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The Two Key Things That Make a Great Employee

Published date: 2018/05

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What makes a great employee? When looking at the people in your office that you’ve come to know and respect, it can probably be broken down into two critical characteristics: technical ability and cultural fit.

It might seem obvious on the surface, but these are the two key components that change just another employee into a really great IT or Transformation professional. However, take a step closer and you’ll find more to technical ability than being able to code and that cultural fit is not just about passing the ‘beer test’. Here’s why.

Honing In on Technical Ability

Technical ability is crucial. A link to someone’s GitHub account is great, but it doesn’t tell you how they would actually perform in the role. Adopt a structured and concise approach to questioning, to find the specific and tangible examples of what the candidate has (and hasn’t) done in their previous IT or Transformation roles. Ask what they were personally responsible for and what their key achievements are and ask for examples of challenges they faced and how they overcame them.

As you carry out the interview, watch out for any red flags. When it’s balanced with ‘I’, using ‘we’ and ‘my team’, it can demonstrate that someone is a team player and acknowledges the work of others. However, if this language is overused, it can indicate that the candidate played a minor role or that they don’t take full accountability for their contributions. Also, watch out for vague answers that don’t directly address the questions themselves.

Technical tests can be a great way to get to the bottom of a candidate’s skill level and prove that they are capable of fulfilling the position. However, the thinking and approach behind the technical ability is just as important. On-the-spot questions and whiteboard exercises are a great way to achieve this, instead of sending them away with an exercise complete. An IT or Transformation specialist recruiter like Enterprise IT Resources will carry out a full screening of candidates, to help verify that candidates presented to you are as skilled as they say they are.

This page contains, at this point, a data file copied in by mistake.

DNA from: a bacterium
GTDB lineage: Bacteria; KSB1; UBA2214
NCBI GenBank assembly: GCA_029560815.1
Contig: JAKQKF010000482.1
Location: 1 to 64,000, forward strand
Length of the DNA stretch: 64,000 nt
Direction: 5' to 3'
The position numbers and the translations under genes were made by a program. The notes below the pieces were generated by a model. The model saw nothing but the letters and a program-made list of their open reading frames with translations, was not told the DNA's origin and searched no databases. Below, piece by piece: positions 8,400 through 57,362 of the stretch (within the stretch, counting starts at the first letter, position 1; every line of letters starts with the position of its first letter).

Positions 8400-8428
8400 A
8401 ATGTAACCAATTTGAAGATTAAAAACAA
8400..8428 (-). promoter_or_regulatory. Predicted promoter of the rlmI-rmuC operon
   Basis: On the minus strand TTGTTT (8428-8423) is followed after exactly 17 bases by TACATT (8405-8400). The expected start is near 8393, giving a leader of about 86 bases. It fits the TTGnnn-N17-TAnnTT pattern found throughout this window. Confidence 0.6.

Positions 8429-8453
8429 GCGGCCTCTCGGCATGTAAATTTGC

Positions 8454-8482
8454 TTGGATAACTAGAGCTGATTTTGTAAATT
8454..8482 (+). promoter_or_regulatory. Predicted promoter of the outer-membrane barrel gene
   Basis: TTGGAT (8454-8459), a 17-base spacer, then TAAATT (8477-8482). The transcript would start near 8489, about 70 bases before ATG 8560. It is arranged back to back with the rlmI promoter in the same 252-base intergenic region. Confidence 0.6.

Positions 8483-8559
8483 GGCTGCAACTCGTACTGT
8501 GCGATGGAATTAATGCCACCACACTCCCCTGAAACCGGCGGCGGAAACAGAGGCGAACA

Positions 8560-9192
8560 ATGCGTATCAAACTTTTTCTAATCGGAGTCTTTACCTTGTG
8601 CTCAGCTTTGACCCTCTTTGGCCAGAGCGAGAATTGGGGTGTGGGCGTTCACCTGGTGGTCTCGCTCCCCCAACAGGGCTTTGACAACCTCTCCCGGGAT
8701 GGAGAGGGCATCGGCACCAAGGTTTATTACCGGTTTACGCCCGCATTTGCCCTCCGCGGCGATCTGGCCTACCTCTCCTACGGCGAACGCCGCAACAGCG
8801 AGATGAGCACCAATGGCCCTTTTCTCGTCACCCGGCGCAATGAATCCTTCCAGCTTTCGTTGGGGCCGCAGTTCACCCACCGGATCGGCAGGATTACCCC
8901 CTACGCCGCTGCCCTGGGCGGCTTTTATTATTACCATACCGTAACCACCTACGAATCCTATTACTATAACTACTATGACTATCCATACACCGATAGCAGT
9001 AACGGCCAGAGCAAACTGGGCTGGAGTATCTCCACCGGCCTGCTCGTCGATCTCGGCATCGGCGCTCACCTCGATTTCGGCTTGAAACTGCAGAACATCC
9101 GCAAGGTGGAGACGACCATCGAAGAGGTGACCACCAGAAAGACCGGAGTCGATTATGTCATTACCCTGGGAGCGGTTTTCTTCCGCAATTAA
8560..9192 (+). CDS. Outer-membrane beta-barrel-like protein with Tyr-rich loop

There is also another key point to consider, which has more impact on technical ability than people often give it credit for: motivation. Ask questions to find out whether the candidate is intrinsically motivated by the work that they do, or if they’re extrinsically motivated by other factors (such as money). Those with intrinsic motivation are more likely to want to continue to develop their skills and thrive in their role long-term. This means that they’ll continue to add value to your company for years to come, often rising up through the ranks.

Figuring Out Culture Fit

Over the last 15 years, we’ve seen a shift in thinking when it comes to IT & Transformation recruitment and organisations have started to focus on hiring people who fit into their culture rather than just focusing on their skill set. And rightly so. Ultimately, you can teach someone skills, and their experience will come over time, but attitude and personality are much harder to change. However, there’s more to culture fit than just finding someone who you would enjoy having a beer with.

When you’re looking to hire people, you want to seek out certain behaviours and personality traits. Asking behavioural questions is one way to do this, but another is to ask about a candidate’s interests outside of work – do their interests and personality align with the kind of traits you’re looking for? For example, interests that require structure or discipline (such as martial arts or triathlons) can demonstrate behaviours that are necessary within a highly pressured environment. It’s not a bulletproof approach of course, but it’s fair to say that people who partake in such activities will tend to be focused, hard working and naturally driven to push themselves (else they would quit under the pressure and stress). We’ve also seen a trend in technology organisations asking candidates what side projects they have underway, as an increasing number of companies are viewing this as a favourable attribute.

It’s also important to keep in mind that an interview is a two-way process. In addition to thinking about how the applicant will fit in with your organisation or technology team, you also need to think about whether the opportunity will be right for them. Find out what they’re looking for in their next role and be honest about what the role entails. What will they be doing? What manager will the person be working for? Do all of these things add up to a good fit?

When it comes to culture fit, motivation is once again key. The goal is to find people who genuinely enjoy their work, share your vision and are proud to work for your company. Andy Hertzfeld, one of Apple’s first software engineers, explained how Apple would find great talent. He said that during the interview process the team would show the candidate the Macintosh prototype and watch how they reacted. If the candidate didn’t react, the Apple team knew it was a no. But if their eyes lit up, Hertzfield said, “then we knew they were one of us”.

Closing Thoughts

There is certainly a lot to consider when looking at technical ability and cultural fit. However, if you build a business with team members who have these skills, you have the foundations for a very successful business.

If you would like any support with finding your next great IT or Transformation employee in Sydney, please do not hesitate to contact the team at Enterprise IT Resources.

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